Austrian Police Arrest 14 After Gunman Kills Four People

VIENNA (Reuters) -
Police officers stand guard at the site of a wreath-laying ceremony after a gun attack in Vienna, Tuesday. (Reuters/Leonhard Foeger)

Austrian police raided 18 locations and arrested 14 people in a massive dragnet on Tuesday, after a gunman killed four people in a rampage in the center of Vienna overnight Monday.

The gunman, who was killed by police minutes after he opened fire on crowded bars, was identified as a 20-year-old convicted jihadist released from jail less than a year ago, who had managed to convince authorities that he was no longer a threat.

An elderly man and woman, a young passer-by and a waitress were killed in the attack, and 22 people including a policeman were wounded, Interior Minister Karl Nehammer told a news conference. Vienna’s mayor said three people were still in critical condition.

Describing the assault as a terrorist attack, Chancellor Sebastian Kurz said in a televised address: “This is not a conflict between Christians and Muslims or between Austrians and migrants. No, this is a fight between the many people who believe in peace and the few [who oppose it]. It is a fight between civilization and barbarism.”

Authorities had previously said they could not rule out the possibility that other shooters were still on the loose and asked people to avoid the center of Vienna, which was largely deserted on Tuesday with most shops closed.

Nehammer said footage of the incident filmed on mobile phones showed no evidence of a second gunman, although the possibility had not been completely ruled out.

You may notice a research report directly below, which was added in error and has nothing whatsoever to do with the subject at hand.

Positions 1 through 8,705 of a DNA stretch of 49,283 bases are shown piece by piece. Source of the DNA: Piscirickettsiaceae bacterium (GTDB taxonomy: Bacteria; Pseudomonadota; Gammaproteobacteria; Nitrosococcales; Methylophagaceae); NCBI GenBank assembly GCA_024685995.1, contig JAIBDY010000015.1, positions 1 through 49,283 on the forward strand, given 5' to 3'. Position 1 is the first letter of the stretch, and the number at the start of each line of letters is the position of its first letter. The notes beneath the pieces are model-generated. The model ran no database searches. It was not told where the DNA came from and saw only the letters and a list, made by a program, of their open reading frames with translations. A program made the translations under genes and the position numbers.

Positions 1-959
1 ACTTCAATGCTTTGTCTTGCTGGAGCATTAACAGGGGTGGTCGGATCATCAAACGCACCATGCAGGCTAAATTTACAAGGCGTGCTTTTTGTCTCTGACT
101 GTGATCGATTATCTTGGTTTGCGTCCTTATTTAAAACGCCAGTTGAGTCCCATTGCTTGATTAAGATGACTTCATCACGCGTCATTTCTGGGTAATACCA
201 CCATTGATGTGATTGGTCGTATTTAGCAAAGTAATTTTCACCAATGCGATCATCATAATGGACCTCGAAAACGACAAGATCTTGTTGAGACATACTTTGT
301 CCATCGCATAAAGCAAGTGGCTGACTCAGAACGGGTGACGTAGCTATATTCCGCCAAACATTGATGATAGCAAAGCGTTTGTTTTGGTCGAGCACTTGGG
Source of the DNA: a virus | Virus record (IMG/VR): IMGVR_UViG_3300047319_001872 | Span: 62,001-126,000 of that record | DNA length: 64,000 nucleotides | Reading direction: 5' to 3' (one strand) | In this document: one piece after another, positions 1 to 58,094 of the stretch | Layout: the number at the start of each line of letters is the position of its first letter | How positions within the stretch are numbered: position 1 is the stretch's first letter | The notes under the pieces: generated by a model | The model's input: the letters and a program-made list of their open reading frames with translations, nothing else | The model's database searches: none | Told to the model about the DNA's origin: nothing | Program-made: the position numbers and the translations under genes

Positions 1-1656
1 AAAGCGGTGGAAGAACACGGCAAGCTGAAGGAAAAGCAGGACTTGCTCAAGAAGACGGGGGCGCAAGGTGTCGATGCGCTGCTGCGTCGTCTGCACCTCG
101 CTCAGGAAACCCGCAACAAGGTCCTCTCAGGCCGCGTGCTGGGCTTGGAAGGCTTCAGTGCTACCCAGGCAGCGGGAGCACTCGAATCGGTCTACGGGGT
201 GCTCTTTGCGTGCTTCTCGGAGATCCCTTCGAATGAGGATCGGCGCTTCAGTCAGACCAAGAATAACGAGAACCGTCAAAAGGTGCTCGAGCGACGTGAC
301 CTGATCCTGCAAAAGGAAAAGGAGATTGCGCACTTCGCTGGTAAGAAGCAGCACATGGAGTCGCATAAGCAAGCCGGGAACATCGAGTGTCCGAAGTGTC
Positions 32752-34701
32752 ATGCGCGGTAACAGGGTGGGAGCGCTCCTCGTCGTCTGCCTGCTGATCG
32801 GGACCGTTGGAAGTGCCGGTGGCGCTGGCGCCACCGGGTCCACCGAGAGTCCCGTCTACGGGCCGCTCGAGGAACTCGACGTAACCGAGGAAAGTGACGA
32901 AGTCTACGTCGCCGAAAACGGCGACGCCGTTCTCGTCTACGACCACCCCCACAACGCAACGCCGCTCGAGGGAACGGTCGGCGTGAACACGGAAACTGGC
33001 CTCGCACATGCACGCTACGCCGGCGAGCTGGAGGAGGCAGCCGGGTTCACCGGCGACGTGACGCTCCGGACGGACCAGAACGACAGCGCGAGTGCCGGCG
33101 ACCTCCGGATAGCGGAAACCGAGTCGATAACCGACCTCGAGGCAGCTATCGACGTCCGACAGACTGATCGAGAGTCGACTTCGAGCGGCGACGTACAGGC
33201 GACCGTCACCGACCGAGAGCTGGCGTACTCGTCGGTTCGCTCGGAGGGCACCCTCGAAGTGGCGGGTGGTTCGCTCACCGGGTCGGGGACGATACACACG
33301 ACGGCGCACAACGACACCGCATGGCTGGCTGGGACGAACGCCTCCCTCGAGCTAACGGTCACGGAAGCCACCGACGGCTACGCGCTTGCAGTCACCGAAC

The attacker, an Austrian-born son of immigrants from North Macedonia, was wearing an explosive belt that turned out to be fake. Vienna’s police chief said he was killed nine minutes after he started his rampage.

He was identified as Kujtim Fejzulai, a dual citizen of Austria and North Macedonia, who had been sentenced to 22 months in jail in April last year for attempting to travel to Syria to join Islamic State. He had been released early because of his young age, in December.

Nehammer said Fejzulai had attended a de-radicalization program, but that “despite all the outward signs that he was integrating into society, the assailant apparently did exactly the opposite.” Fejzulai had posted a photo on social media before the attack, showing himself with two weapons, Nehammer said. There was no immediate claim of responsibility for the attack.

Officials said the perpetrator had been armed with an automatic rifle, a hand-gun and a machete.

Witnesses described crowds being fired on in eateries as people enjoyed a last evening out, in an area full of shops and restaurants, before the start of a nationwide coronavirus curfew.

Police said they had established at least three sites where attacks took place, one of them outside the main synagogue, which was closed. It was unclear if the attacker had targeted the synagogue.

The government announced three days of national mourning, and held a minute’s silence at noon.